U.K. Retail Sales Extend Worst Run on Record
British consumers shunned stores during the crucial Christmas trading period, confounding predictions of a rebound in spending and stoking speculation that the Bank of England will cut interest rates this month.
The pound fell after the report, the latest in a string of disappointing U.K. data in recent days, and traders moved to price in a 75% chance of a cut at the BOE’s Jan. 30 meeting.
The volume of goods sold in stores and online fell 0.6% in December, confounding expectations of a 0.6% increase. Sales excluding auto fuel dropped 0.8%. The period included Black Friday and Cyber Monday, when price cuts would be expected to attract shoppers to stores.
Weak growth and inflation figures this week have added to expectations, fueled by dovish comments from BOE Governor Mark Carney and other policy makers, that a rate cut could be imminent. Crucially, the sales survey was taken between Nov. 24 and Dec. 28, meaning much of it encompassed the period following Boris Johnson’s commanding win in the Dec. 12 general election -- undermining speculation the economy will see a bounce amid reduced political uncertainty.
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Retail sales have fallen or stagnated in each of the past five months, the longest run without growth since records began in 1996, the Office for National Statistics said Friday. A 1% decline in the fourth quarter was the largest since the start of 2017 and weighed on the economy.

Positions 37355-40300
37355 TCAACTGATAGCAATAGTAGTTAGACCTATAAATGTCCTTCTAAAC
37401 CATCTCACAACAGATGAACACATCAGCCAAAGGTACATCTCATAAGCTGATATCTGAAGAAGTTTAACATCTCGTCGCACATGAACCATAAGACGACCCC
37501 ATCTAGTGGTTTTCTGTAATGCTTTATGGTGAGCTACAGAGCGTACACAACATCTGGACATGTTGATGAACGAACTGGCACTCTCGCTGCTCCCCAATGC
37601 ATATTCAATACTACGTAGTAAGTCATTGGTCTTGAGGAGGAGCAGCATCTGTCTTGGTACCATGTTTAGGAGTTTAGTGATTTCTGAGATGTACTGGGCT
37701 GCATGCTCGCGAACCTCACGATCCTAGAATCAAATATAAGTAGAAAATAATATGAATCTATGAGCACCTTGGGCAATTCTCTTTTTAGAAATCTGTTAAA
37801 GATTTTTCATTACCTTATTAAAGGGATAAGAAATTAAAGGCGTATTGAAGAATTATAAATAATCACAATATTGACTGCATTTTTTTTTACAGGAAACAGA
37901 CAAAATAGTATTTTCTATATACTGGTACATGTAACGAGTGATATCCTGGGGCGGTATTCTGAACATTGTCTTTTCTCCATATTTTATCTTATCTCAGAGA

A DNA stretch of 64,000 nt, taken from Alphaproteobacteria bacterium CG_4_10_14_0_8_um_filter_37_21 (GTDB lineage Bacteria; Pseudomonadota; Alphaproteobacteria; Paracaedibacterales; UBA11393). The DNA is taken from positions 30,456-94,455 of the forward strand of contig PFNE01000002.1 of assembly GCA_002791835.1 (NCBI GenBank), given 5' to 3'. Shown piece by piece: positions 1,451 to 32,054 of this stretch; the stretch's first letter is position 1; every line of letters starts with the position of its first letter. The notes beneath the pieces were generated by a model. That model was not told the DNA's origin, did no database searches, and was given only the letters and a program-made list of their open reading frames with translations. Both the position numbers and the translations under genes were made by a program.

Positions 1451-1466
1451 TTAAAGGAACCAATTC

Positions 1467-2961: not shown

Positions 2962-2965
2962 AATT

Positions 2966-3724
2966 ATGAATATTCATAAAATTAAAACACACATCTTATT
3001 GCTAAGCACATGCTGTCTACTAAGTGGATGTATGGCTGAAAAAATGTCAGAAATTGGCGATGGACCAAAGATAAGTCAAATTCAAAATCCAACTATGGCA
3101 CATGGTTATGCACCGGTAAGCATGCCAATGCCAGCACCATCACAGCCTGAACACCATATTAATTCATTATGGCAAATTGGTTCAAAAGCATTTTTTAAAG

The pound erased its earlier gains after the data, to trade down 0.1% at $1.3063 as of 10:10 a.m. London time.
Pound Falls After Weak U.K. Retail Boosts Prospect of Rate Cut
Stores widely reported having to offer deep discounts to beat off competition and lure customers in the runup to Christmas. Prices as measured by the retail sales deflator fell 0.6% on the month.
That’s hit stores from Marks & Spencer Group Plc to John Lewis Partnership Plc, while the British Retail Consortium described 2019 as the worst year on record for the sector with revenue down on 2018. Retailers have underperformed the U.K. market as a whole this year.
Sales in December fell across the board, with non-food sales declining 0.9% and food sales dropping 1.3%, the most since December 2016. Petrol stations and online retailers had a better month.
There were also sweeping declines during the quarter, with clothing and footwear down 2.3% and non-store retailing falling 3.2%.
With some BOE officials indicating signs of a post-election recovery may be enough to stave off a cut, the most high-profile figures before the Jan. 30 decision are now the Purchasing Managers Indexes due to be released next Friday.
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